This blog was originally posted on Localize Direct's blog on May the 30th, 2013.
As a mobile game developer it can be difficult to decide which languages to localize a game into. In addition it also has to be decided what to localize. Thereâ€™s the text that appears in the game and if you publish via Apple App Store or Google Play you can also translate the description, updates and keyword texts.
To localize the app-store description text is a no-brainer. This is what you front your game with and what people will base their buy or download decision on. Remember, most people on this planet donâ€™t speak English. In â€śCanâ€™t Read Wonâ€™t Buyâ€ť, the Common Sense Advisory showed that on average, 52% of people reported that they would buy only at websites where product information is presented in their language. In France and Japan the figure was 60 percent! The amount of text in your description is limited so it wonâ€™t be expensive (you pay per word when you use a translation service). All other text surrounding your description will be in the country storeâ€™s native language (Google and Apple fully localize their stores) so localized material will blend in much better and give a professional impression.
If you are localizing the description you may as well localize your keywords, again as the amount of words will be low, so will the cost. Be sure to check out this interesting article on the subject
With regards to localizing updates, you need to consider how often you plan on releasing updates. It becomes important to work with the right translation service provider - you need speedy turnaround and stay away from vendors with minimum fees as the translation batches will be small.
Now, with the store metadata out of the way. Should you translate the text in the actual game? Distribution is worldwide, by localizing you extend your reach and achieve a global audience. Allowing your players to enjoy the game in their native language will positively increase their experience and lead to better reviews. These benefits do of course need to be weighed against the cost. Localization costs will be driven by the number of words in your game and the number of target languages. Itâ€™s a common approach to localize the app-store metadata into more languages than the actual game.
So, what languages then...Â App AnnieÂ to the rescue! During App Annieâ€™s very interesting GDC 2013 talk they ranked countries in iOS App Store and Google Play for downloads and revenue specifically for games. Most developers would have the common goal of either wanting to get their game downloaded as many times as possible or generate as much revenue as possible. Based on that assumption lets for each platform (Apple and Google) create two language lists; one for Â for developer seeking world domination (maximize downloads) and another one for the greedy (read maximize revenue). Our lists will be called Top Downloads and Top Revenue.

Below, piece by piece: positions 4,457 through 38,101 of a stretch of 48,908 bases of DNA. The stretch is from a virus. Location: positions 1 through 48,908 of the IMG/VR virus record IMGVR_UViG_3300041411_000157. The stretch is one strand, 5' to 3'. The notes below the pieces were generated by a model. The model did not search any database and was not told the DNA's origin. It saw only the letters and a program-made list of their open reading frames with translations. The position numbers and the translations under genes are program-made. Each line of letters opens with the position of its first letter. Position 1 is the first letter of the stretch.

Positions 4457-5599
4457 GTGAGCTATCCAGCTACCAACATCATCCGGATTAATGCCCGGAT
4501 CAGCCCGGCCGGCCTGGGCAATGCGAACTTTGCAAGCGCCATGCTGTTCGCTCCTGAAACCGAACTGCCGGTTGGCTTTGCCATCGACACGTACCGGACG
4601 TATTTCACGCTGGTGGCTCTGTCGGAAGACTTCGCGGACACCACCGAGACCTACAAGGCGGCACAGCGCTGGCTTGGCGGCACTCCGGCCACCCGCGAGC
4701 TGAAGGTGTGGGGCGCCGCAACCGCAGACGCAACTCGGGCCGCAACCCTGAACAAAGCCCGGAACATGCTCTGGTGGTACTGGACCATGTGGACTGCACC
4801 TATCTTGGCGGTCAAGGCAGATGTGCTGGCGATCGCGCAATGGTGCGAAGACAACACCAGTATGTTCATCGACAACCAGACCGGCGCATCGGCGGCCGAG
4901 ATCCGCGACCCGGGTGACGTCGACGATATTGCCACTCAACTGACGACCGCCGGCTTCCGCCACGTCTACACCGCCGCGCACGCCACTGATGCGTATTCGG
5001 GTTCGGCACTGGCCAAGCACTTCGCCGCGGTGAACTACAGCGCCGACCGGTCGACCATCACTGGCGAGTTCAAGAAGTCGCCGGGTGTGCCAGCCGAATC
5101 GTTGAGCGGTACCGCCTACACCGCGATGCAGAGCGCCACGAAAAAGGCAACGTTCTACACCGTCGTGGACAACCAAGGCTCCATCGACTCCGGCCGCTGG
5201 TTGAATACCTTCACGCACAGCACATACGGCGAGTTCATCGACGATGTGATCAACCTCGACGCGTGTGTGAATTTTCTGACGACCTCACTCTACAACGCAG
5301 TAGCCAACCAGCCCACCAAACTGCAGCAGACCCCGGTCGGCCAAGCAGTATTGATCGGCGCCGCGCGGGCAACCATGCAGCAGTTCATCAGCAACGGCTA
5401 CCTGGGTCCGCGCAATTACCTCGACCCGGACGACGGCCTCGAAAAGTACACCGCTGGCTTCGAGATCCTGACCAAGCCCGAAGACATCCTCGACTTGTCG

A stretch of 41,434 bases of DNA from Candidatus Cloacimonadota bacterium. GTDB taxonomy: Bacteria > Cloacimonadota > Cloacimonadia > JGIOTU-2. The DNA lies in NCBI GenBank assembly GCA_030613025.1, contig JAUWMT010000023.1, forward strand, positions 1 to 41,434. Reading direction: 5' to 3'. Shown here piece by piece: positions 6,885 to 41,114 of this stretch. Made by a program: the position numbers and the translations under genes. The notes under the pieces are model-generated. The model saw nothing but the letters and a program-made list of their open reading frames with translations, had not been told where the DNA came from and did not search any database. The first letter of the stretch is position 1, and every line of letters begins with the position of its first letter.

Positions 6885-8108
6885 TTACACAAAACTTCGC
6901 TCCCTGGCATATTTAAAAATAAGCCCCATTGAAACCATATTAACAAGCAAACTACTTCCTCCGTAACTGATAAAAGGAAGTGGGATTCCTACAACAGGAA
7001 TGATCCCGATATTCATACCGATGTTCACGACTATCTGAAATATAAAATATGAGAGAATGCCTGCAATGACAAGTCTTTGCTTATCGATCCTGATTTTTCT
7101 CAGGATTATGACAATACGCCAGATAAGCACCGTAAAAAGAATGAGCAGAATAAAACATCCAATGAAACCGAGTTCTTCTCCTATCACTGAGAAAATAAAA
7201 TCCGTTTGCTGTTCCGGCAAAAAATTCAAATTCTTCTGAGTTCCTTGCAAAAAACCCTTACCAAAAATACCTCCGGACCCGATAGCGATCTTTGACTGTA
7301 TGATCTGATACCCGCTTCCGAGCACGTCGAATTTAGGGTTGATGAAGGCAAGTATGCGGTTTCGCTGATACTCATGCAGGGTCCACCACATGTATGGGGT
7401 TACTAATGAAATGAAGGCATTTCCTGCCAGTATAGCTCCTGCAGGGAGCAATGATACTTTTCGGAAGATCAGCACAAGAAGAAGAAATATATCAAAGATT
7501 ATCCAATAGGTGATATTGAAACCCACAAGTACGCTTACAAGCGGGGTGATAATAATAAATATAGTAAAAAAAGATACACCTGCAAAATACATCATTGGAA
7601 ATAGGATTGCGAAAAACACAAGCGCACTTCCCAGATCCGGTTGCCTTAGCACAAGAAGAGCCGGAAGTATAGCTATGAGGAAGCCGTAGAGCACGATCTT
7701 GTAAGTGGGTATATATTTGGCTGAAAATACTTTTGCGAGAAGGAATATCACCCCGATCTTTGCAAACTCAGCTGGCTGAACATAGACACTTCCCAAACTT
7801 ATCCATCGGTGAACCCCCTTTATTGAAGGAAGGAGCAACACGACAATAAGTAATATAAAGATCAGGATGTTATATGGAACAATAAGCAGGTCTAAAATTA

We'll exclude English with the assumption that English is your games source language.
iOS App Store Top Downloads: Chinese, Japanese, Russian, French, German, Italian
iOS App Store Top Revenue: Japanese, Chinese, German, French, Russian, Korean
Google Play Top Downloads: Korean, Russian, German, Japanese, Brazilian Portuguese, Traditional Chinese, Spanish
Google Play Top Revenue: Japanese, Korean, German, French, Russian, Traditional Chinese
Luckily it seems that France is included in all ranks that also have Canada so we don't have to add French.
Spanish is notably missing from all groups but Google Play Downloads. As the App Annie rankings are based on countries and not languages this makes sense. Spain with itâ€™s 25M internet population, according to Â T-Index, is fairly small. If we consider Spanish speaking Â internet users weâ€™re talking about a whopping 187M users - the third largest cluster after English and Chinese. Also given the dominance of United States in the rankings and thatÂ 15%+ of the population in the US is hispanicÂ it would seem a good idea to add Spanish into our recommended languages.
Simplified Chinese is also missing from the Google Play groups - the reason for this seems to be Google Play being blocked and other local Android stores being more popular with the Chinese. If you use other app-stores (like Amazon) then weâ€™d most definitely would recommend translating into simplified Chinese.
Based on the developers main goal with localization (maximize revenue or downloads) and what app-store they are targeting; our recommended target languages are:
Chinese, Japanese, Russian, French, German, Italian, Spanish
Japanese, Chinese, German, French, Russian, Korean, Spanish
Korean, Russian, German, Japanese, Brazilian Portuguese, Traditional Chinese, Spanish
Japanese, Korean, German, French, Russian, Traditional Chinese, Spanish
* If youâ€™re distributing an Android game via a Chinese app-store then also add simplified Chinese
If you are interested in game localization you should reallyÂ check out the cloud version of LocDirectÂ - it's a content management system for game developers tailormade for game localization content.